* MSCI Asia-Pacific index up 1 pct from 5-month low
* Markets expect ECB to offer easing bias; some see rate cuts, other easing
* Investors hope U.S. payrolls data will confirm solid U.S. growth
* FTSE may rise 0.4 pct, DAX seen up 0.2 pct
TOKYO, Feb 6 (Reuters) - Asian shares took a tentative step forward from five-month lows on Thursday, with investors hoping the European Central Bank (ECB) and upcoming U.S. jobs data can calm nerves strained by the emerging market selloff.
MSCI's broadest index of Asia-Pacific shares outside Japan gained 0.8 percent after five days of losses, although Japan's Nikkei ended down 0.2 percent after a volatile trade.
Spread betters expect European shares to rise, with Britain's FTSE seen rising by up to 0.4 percent and Germany's DAX gaining by up to 0.2 percent.
While many players expect the ECB to stand pat at its meeting later in the day, there is speculation it could ease its policy further to ward off the threat of deflation following last month's unexpectedly soft inflation reading.
With the bank's main interest rates already at 0.25 percent, there is limited room for rate cuts, but that has not stopped traders from betting on a small rate cut of about 10-15 basis points.
Others speculate the central bank could suspend so-called sterilisation, or operations to soak up money put back in circulation from the ECB's buying of government debt, or even a large-scale quantitative easing.
At minimum, investors expect the ECB chief Mario Draghi to at least drop hints of his readiness to ease, which could help counter worries about dwindling stimulus from the U.S. Federal Reserve.
"At the root of jolts in risk assets this year is the fact that Fed is going ahead with tapering its stimulus. If the ECB and the Bank of Japan are to ease, that would be positive for risk assets," said Arihiro Nagata, head of foreign bond trading at Sumitomo Mitsui Bank.
Expectations of a dovish tilt at the ECB capped the euro, which traded little changed at $1.3535. Although it was off a 10-week low of $1.34765 hit on Monday, it has not fully recovered from the damage caused by surprisingly low inflation reading released last Friday.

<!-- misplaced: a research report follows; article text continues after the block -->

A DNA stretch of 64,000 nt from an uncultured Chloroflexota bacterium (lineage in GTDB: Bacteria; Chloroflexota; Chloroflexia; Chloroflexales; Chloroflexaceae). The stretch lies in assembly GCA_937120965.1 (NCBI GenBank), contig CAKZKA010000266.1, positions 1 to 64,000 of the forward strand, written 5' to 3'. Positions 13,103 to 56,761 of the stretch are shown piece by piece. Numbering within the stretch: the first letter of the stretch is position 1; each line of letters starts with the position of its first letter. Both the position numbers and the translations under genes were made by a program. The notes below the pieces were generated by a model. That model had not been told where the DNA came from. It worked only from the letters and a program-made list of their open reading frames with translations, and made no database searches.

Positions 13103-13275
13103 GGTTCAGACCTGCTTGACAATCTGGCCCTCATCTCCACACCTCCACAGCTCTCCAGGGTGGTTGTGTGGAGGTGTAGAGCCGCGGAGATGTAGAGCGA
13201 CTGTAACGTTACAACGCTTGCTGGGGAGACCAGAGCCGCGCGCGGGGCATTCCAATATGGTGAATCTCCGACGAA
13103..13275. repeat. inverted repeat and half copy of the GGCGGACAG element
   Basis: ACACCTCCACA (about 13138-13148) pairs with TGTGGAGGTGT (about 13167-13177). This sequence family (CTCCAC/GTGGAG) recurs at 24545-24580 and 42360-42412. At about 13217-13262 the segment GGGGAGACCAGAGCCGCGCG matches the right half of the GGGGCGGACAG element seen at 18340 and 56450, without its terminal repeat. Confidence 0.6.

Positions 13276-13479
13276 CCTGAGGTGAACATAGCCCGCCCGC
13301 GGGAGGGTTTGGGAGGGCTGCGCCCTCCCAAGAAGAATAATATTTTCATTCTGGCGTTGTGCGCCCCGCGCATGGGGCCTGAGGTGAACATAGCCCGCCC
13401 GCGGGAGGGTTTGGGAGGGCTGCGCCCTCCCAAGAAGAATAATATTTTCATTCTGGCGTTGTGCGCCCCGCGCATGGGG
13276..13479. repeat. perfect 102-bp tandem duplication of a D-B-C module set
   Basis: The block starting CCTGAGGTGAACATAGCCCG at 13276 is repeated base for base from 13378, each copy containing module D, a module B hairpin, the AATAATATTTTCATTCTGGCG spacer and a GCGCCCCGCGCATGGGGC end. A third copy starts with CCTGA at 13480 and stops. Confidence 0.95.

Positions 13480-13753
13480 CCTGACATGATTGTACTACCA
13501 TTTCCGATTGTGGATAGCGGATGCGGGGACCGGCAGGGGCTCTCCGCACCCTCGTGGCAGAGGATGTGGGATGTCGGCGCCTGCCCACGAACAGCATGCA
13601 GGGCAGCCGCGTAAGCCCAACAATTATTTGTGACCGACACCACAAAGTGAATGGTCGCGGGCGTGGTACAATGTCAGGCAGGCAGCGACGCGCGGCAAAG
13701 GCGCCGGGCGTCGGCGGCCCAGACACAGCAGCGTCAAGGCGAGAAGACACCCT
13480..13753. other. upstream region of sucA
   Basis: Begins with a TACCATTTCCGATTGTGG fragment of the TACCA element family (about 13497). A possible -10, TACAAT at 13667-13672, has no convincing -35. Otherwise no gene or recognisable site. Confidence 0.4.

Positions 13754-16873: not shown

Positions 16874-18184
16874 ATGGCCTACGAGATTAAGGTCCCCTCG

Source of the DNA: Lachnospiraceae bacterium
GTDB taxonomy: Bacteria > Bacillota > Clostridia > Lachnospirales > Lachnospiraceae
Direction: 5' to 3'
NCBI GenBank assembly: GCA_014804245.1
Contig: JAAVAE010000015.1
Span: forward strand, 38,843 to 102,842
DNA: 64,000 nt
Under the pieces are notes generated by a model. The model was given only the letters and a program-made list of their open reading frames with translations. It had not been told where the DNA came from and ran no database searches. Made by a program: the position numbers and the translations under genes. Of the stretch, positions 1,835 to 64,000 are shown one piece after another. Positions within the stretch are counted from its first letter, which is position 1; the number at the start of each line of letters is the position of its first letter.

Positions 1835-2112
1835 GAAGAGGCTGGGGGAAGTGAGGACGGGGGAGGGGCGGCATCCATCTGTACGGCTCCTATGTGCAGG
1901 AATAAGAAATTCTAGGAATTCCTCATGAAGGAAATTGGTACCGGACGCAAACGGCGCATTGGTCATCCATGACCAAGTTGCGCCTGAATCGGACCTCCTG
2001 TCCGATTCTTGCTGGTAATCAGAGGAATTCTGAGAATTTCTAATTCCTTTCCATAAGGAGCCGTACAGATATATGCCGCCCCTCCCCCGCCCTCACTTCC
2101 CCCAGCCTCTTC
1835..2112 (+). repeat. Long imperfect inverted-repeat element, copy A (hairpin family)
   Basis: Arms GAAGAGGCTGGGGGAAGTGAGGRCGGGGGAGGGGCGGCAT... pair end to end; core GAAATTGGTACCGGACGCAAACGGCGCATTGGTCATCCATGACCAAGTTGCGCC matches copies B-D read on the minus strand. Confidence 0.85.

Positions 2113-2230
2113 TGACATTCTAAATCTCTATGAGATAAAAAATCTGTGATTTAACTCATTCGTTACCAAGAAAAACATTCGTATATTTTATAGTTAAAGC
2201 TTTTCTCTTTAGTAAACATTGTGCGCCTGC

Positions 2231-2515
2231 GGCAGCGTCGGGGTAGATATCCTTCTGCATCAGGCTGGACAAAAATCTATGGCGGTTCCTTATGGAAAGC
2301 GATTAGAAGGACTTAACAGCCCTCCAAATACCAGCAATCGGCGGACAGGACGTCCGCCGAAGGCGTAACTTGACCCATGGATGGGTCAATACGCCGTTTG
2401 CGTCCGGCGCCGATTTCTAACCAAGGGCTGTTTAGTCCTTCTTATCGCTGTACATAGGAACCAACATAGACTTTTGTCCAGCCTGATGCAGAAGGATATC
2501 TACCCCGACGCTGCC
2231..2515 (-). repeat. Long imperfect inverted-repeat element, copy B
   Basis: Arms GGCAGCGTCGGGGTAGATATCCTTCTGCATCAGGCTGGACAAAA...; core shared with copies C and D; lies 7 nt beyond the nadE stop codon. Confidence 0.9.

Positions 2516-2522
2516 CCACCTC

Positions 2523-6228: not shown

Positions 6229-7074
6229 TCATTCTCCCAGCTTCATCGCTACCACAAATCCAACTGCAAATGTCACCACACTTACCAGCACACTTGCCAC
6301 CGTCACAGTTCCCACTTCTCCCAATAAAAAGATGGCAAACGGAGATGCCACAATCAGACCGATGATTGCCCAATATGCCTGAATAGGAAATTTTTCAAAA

Relative calm in the markets of vulnerable emerging nations Turkey, South Africa and Russia helped alleviate some of the recent turmoil.
Many players are also looking ahead to the crucial U.S. jobs report on Friday for a measure of comfort, although a weaker-than-expected U.S. private jobs report promised to keep investors on tenterhooks at least until the payrolls data is out.
"If the upcoming payrolls data shows solid job growth after the dismal reading last month, we could confirm that the U.S. growth trend has not changed. That will be a catalyst for markets to stabilise," said Tohru Yamamoto, chief fixed-income strategist at Daiwa Securities.
"But if it is weak again, it will break markets' heart."
Economists polled by Reuters expect the non-farm payrolls to have increased 185,000 in January after a 74,000 gain in December.
"If the data comes in line with expectations, then most investors will think they don't need to change their base scenario on the U.S. economy," said Sumitomo Mitsui Bank's Nagata.
Wall Street had a volatile session overnight, with the benchmark S&P 500 hitting a 3 1/2-month intraday low of 1,737.92, before ending down 0.2 percent at 1,751.62.
Investors' cautious mood kept the safe-haven yen well bid, with the Japanese currency not far from a 2 1/2-month high against the dollar.
The dollar stood at 101.41 yen, still within sight of a low of 100.755 yen touched on Tuesday.